Guide to Ativan Abuse & Treatment
The prescription drug Ativan, also known by the generic name lorazepam, is a benzodiazepine commonly prescribed to alleviate anxiety. Even when used as directed, Ativan use may be associated with some physical dependence. Some individuals who draw therapeutic benefit from Ativan may begin to take it in excess of their prescribed dose, and this misuse can accelerate the cycle of dependence, compulsive use, and, eventually, addiction. Ativan is particularly dangerous when mixed with alcohol or other drugs that depress vital physiological functions, such as breathing. Seeking treatment at a professional rehab is one of the most advisable ways to overcome an addiction to Ativan.
What Is Ativan?
Ativan is a brand name of the benzodiazepine lorazepam. It is available by prescription for the treatment of anxiety disorders and anxiety related to other mental health disorders, such as depression.1 Like other benzodiazepines, Ativan works to increase inhibitory signaling throughout the central nervous system—in other words, it diminishes anxiety by slowing certain brain processes.
Other benzodiazepines include the antianxiety drugs Xanax (generic name: alprazolam), Valium (generic name: diazepam), and Librium (generic name: chlordiazepoxide). Sometimes referred to simply as “benzos,” these medications are categorized as Schedule IV drugs by the Controlled Substances Act.2 Though they may not be considered as addictive as some opioid painkillers or illicit drugs, they do have a potential for abuse and are not recommended for long-term use due to their ability to cause significant physical and psychological dependence.
Ativan is one of the most frequently prescribed medications in the country. A 2016 survey on drug use in the U.S. found that:3
- 7.3 million people aged 12 and older received a prescription for Ativan or lorazepam in the past year.
- Nearly 786,000 people over the age of 12 reported misusing Ativan or lorazepam during the same time frame.
These numbers are actually lower than those reported in 2015, possibly due to a corresponding rise in Xanax prescriptions and abuse during the same time period.3
Ativan is one of the most frequently prescribed medications in the country.
What Are the Effects?
Ativan activates the brain’s reward system by causing a rapid and substantial release of dopamine, a neurotransmitter associated with feelings of pleasure and reward.4 Though achieved through somewhat different mechanisms, a similar increase in dopamine activity is associated with development of compulsive misuses of other drugs such as opioids and stimulants.4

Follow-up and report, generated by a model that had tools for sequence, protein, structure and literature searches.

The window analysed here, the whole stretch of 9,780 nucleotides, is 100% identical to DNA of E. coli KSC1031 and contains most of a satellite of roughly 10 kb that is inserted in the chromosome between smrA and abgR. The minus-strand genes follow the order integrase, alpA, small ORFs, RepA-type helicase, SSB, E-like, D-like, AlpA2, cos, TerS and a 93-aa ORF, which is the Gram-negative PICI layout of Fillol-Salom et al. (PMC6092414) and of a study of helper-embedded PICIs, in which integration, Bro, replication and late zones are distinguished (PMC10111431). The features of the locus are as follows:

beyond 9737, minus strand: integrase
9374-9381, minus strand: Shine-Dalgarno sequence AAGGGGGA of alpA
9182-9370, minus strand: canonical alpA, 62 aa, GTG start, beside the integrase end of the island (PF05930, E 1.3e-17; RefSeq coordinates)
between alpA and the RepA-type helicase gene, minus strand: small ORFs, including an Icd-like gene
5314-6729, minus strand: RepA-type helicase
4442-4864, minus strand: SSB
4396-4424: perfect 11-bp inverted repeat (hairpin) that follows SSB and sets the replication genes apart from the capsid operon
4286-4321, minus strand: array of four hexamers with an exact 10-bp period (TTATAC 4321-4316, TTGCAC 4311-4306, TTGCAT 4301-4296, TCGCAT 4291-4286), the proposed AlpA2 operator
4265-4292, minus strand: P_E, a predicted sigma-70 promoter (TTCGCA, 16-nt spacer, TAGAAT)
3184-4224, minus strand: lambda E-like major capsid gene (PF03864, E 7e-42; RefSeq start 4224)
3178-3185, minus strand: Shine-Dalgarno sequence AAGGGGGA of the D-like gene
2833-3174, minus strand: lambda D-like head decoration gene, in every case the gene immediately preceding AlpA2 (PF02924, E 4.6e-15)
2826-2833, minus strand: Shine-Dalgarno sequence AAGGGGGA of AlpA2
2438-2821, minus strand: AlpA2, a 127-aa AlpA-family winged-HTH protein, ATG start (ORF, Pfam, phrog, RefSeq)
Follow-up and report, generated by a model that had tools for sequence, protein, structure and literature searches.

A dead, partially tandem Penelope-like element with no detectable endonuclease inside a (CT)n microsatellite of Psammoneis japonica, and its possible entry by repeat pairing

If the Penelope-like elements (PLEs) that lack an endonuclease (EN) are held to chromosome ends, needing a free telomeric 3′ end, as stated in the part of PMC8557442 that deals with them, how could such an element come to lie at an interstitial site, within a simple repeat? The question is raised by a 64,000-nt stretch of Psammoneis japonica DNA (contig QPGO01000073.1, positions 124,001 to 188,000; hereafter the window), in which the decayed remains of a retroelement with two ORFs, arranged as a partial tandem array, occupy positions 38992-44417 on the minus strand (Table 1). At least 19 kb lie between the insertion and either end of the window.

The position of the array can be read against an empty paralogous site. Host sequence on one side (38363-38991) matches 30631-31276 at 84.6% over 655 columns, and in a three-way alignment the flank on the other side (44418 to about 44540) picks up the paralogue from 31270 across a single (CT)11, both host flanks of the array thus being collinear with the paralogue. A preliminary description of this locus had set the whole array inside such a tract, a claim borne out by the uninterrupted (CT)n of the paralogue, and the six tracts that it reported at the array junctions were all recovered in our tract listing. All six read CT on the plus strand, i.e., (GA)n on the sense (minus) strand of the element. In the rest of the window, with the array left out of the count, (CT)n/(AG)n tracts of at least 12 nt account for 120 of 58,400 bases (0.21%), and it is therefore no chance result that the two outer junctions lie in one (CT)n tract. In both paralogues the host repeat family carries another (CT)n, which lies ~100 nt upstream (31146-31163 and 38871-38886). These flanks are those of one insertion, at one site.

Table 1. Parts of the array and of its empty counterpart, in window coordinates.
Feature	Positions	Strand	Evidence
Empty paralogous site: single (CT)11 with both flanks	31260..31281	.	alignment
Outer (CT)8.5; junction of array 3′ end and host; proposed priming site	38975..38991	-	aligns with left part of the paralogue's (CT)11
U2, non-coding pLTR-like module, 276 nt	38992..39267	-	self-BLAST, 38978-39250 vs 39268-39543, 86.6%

Drugs that trigger a surge of dopamine activity in the brain tend to be highly addictive, and people may seek to use these drugs in greater quantities or with greater frequency in order to repeatedly achieve the pleasurable sensations brought on by the drug. This can in turn fuel the onset of drug tolerance and dependence, which may precede the development of drug addiction.
When taken as prescribed, the primary therapeutic benefit of Ativan is due to its tranquilizing effects on the nervous system. In the short term, doctors may prescribe Ativan to treat insomnia so patients have an easier time falling asleep. Though it remains an approved use for the drug, this practice is becoming increasingly rare because of the marked abuse liability and the fact that benzodiazepines may actually cause a reduction in quality and duration of sleep.5
People who abuse Ativan for recreational purposes often seek its pleasurable side effects, including euphoria and pronounced feelings of calm and relaxation.6
Ativan can also cause a variety of negative side effects, which vary depending on the user and dosage. Some of these effects include:1,7,8
- Slurred speech.
- Blurred vision.
- Frequent urination, or constipation.
- Changes in appetite.
- Changes in sex drive.
- Slowed breathing, which can turn dangerous or fatal in cases of overdose.
Dangers of Mixing
Recreational users might mix Ativan with alcohol or other drugs to enhance the effects they seek, but users may be unaware of the dangers inherent in this practice.
Ativan slows activity in the central nervous system (CNS), so mixing it with other substances that depress CNS activity can dangerously compound these effects. Mixing Ativan with cannabis, sleeping pills, alcohol, heroin, and other opioids is especially dangerous and can cause the user to have difficulty:9
- Thinking clearly.
- Controlling bodily movements or functions.
- Maintaining consciousness.
Without proper medical care, the result can be death from overdose if the person is unable to regain consciousness and resume normal breathing.
Taking too much Ativan may result in several of the drug’s adverse side effects, like slowed heart rate and respiratory depression, reaching dangerous and potentially deadly levels. The risk of overdose and death may be further increased when Ativan is combined with alcohol or other drugs.7
There were nearly 1 million emergency department visits between 2005 and 2011 that were related to benzodiazepine use—either alone or in combination with alcohol or opioids.10 Of those visits, the patients treated for a combination of benzos and opioids and/or alcohol were significantly more likely to experience serious outcomes such as hospitalization or death in the ED.10
In large doses, or in combination with other drugs, Ativan can cause the CNS to slow to the point of coma or death. A mild overdose can result in observable symptoms including:1
- Mental confusion.
- Slurred or slowed speech.
In cases of serious overdose, observable symptoms may include:1,9
- Loss of bodily control.
- Muscle weakness.
- Cold or clammy skin.
- Bluish lips.
- Slowed heartrate, or no detectable pulse at all.
- Slow, shallow breathing, or breathing stopped altogether.
If a person who has taken Ativan collapses and is not responding or you are unable to revive them, call 911 immediately.
While waiting for emergency services to arrive, you should:9
- Stay calm and remain on the phone with the 911 dispatcher. They can help talk you through performing CPR, and can also relay important information to medical crews while they’re en route.